Top 6 Reasons Why Your Check Engine Light Comes On

check engine light

You’re driving along and all of a sudden, a red or orange light catches your eye. It’s the check engine light, and your stomach drops.

It could be anything from an impending engine fire (unlikely) to a loose gas cap. There are hundreds of reasons your check engine light comes on.

But only a dozen or so are common. We’ve picked six of the most common reasons and detailed them for you, below.

1. The O2 Sensor is Broken

Engines are complex beasts and they involve a lot of elements. One of those elements is oxygen, which is part of how gas combustion works.

And if your O2 sensor is damaged or broken, it can cause your car to burn through gas faster and work less efficiently. That’s the last thing we need right now, as we have twelve years to get our emissions and greenhouse gases down.

It’s not that expensive of a repair, it’ll cost you around two hundred dollars in and out of the shop.

If you notice your car is losing fuel or you’re filling up more often and don’t see any issues with your tires (and you haven’t switched gas types/stations) ask a mechanic to check your O2 sensor.

Most will do this for free, or for a very small fee. If you don’t get it fixed right away your car will keep working, but you’ll spend more money on gas and you may fail your next emissions test.

2. A Loose Gas Cap

This is the best case scenario if your check engine light comes on because it’s such a quick fix! It’s one of the most common reasons that little frightening light goes on as well.

Your gas cap plays a surprisingly big role in how your car processes gas. So if it’s loose, it can cause some engine problems.

Most of us fill up often enough that, even if it’s loose, we fix it the next time we fill up and avoid long term damage.

Sometimes, though, it’s a more complex fix. There are little bands, that help seal your gas cap shut. Those can degrade and get brittle over time.

If you take a look at yours and see that it’s shot, just go on Amazon and buy a new one. You can install it yourself with the help of a YouTube video.

What do you mean that’s not what YouTube is for? You must not be using it right.

3. Low Tire Pressure

Recent cars have a tire pressure gauge built into the car, and it’ll tell you when pressure is low on the car’s screen. But older cars don’t have that, most of the time.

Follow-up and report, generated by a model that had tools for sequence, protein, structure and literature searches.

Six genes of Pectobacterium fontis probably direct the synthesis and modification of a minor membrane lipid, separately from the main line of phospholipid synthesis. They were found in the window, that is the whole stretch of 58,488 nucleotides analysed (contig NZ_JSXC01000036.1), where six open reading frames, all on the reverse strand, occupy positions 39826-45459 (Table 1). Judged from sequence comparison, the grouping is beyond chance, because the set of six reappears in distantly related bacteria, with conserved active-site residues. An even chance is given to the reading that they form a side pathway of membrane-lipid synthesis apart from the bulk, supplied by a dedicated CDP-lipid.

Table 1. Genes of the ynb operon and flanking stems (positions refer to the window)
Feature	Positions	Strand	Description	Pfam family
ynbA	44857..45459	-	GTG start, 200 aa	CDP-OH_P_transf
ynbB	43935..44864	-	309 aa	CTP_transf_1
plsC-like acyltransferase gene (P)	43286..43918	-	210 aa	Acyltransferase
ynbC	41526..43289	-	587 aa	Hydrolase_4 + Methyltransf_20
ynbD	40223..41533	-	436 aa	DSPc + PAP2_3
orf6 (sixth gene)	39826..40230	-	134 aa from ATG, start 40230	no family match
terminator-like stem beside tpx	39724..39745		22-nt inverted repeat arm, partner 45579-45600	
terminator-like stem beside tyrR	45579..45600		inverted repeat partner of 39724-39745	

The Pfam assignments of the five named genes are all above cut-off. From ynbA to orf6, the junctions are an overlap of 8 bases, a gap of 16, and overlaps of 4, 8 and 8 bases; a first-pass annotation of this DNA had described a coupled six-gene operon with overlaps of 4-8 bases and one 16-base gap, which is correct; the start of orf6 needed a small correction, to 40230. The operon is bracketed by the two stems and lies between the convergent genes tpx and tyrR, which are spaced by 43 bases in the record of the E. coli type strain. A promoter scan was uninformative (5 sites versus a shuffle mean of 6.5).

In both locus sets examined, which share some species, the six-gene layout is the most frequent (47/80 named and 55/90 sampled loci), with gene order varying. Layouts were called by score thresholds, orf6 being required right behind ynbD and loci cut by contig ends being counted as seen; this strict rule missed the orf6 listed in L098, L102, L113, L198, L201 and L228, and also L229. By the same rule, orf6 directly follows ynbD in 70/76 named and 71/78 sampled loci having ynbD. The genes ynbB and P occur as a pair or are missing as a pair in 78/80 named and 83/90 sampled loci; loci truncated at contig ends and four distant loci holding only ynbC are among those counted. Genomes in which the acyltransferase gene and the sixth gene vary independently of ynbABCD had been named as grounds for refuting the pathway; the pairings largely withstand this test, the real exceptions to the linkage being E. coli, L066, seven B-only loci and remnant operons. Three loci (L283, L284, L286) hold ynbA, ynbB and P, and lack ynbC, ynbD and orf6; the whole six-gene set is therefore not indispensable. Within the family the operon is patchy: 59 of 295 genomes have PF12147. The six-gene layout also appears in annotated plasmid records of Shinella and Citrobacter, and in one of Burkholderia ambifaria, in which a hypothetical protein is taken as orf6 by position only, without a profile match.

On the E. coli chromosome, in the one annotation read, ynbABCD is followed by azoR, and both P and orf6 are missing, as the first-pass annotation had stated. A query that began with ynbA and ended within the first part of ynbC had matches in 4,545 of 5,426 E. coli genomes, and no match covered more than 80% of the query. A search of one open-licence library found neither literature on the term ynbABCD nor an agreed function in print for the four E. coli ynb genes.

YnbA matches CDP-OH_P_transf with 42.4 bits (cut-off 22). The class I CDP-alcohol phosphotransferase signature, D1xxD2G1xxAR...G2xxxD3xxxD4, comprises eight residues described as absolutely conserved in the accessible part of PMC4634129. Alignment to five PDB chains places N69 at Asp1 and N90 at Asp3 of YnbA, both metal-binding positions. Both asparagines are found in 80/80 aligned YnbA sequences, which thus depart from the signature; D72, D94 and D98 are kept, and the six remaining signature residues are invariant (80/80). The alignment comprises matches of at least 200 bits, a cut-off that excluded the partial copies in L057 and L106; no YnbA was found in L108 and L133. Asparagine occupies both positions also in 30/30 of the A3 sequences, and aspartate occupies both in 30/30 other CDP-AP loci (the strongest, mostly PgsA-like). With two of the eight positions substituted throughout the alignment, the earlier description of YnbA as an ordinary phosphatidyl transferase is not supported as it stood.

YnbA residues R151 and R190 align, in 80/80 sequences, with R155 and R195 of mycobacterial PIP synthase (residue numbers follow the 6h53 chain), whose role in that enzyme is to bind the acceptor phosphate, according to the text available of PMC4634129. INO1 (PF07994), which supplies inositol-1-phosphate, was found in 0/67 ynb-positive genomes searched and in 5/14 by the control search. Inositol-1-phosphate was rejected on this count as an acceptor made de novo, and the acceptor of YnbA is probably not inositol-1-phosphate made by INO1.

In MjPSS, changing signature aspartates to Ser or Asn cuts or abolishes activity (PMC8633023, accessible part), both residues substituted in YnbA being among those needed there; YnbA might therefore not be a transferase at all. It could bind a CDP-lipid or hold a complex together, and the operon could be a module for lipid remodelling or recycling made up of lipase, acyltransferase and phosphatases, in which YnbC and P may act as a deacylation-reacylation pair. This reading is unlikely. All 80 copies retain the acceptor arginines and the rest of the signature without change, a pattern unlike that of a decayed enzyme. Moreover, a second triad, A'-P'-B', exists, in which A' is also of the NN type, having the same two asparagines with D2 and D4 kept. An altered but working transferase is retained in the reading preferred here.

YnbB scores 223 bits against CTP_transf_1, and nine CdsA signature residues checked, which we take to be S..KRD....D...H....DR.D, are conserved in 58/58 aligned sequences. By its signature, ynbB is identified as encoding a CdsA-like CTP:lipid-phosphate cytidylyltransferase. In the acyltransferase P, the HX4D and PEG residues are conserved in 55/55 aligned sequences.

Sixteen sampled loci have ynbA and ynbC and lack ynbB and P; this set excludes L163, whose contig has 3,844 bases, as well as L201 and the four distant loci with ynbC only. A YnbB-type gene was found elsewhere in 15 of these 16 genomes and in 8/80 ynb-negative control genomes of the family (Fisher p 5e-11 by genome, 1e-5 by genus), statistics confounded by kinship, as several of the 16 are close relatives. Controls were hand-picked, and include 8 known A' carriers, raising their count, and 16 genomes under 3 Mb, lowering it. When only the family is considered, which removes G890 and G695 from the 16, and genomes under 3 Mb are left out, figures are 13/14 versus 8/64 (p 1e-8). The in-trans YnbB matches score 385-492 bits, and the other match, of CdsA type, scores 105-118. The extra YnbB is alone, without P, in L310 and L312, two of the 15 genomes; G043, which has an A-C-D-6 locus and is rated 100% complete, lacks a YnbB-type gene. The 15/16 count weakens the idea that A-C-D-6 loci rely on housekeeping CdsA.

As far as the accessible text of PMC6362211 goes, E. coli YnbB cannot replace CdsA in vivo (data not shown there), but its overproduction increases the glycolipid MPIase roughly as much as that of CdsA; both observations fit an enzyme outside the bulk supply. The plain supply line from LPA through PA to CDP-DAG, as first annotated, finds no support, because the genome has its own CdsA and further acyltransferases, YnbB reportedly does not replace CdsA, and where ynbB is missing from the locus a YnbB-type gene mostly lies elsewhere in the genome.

If your car’s computer is very thorough, the check engine light may come on for a low tire pressure alert. You should check your tire pressure about once a month.

Make it part of a normal routine, as you check it when you go to the car wash. They usually have compressed air cylinders you can use at those gas stations anyways.

When you fill up your tires, you can’t necessarily trust the pressure gauge built into the machine. You should have a classic manual gauge in your pocket, to make sure you’re not overfilling.

Once your tires are where they need to be, make sure that little cap is twisted on tight.

4. A Battery Drain

If your battery is on the fritz, you may see your check engine light pop on. If it’s 100% dead, there won’t be enough power to illuminate the engine light.

If you have a battery drain, though, and it’s not fully dead, your check engine light can tell you.

Sometimes things in the electrical system get mixed up or wires get crossed. It’s possible that your sound system or even your AC is pulling too much power. They can even pull power from the battery while your car is off.

If you seem to have trouble starting your car every once in a while (in that it seems to putter, but it starts) have your battery level checked. If that does nothing, go in for an electrical check on your car.

You don’t have to buy an entirely new system if there’s an issue. The shop may be able to just disconnect the radio or whatever is causing the issue from the battery. You won’t have music, in that case, but you’ll have a starting car, which is much more important.

5. Bad Spark Plugs or Spark Plug Wires

When you put your key in the ignition, two things happen. You’re activating the starter and sparking the spark plug.

The spark plug is what causes the spark that¬†“lights” the fuel so that your car can start moving.

If there’s an issue with your spark plug, you’ll notice your car starts weaker, slower, and then not at all.

Usually, this is a pretty easy fix. Spark plugs aren’t expensive and the repair will take a professional, but they won’t need to remove anything to get to that part of the engine.

The wire that’s attached to the spark plug can cause the same sort of issue. The wire is what communicates from the car battery to the spark plug and delivers the electrical charge.

A quick electrical check or just a general car checkup will alert you to this problem – which you need to fix ASAP. No one wants to be stuck with a car that won’t start and won’t jump.

6. An Old “Injury” From an Old Accident

If your car was in an accident and things seemed fine, problems can still develop from the collision over time. You’ll need to make sure you look at this helpful link to learn about collision repair insurance.

Otherwise, you’re spending your money twice.

Reasons Your Check Engine Light Comes On

There you have it. Six common reasons that your check engine light comes on and makes your stomach do that anxious drop.

If you get it tested and figure out which of these reasons your check engine light comes on in good time, your car should be fine.

The real problems develop when you let issues fester and don’t get them fixed.

If all else fails, check your car’s manual. It has insights into couldn’t begin to tell you. Don’t know where it is? That’s okay – find it online, here.¬†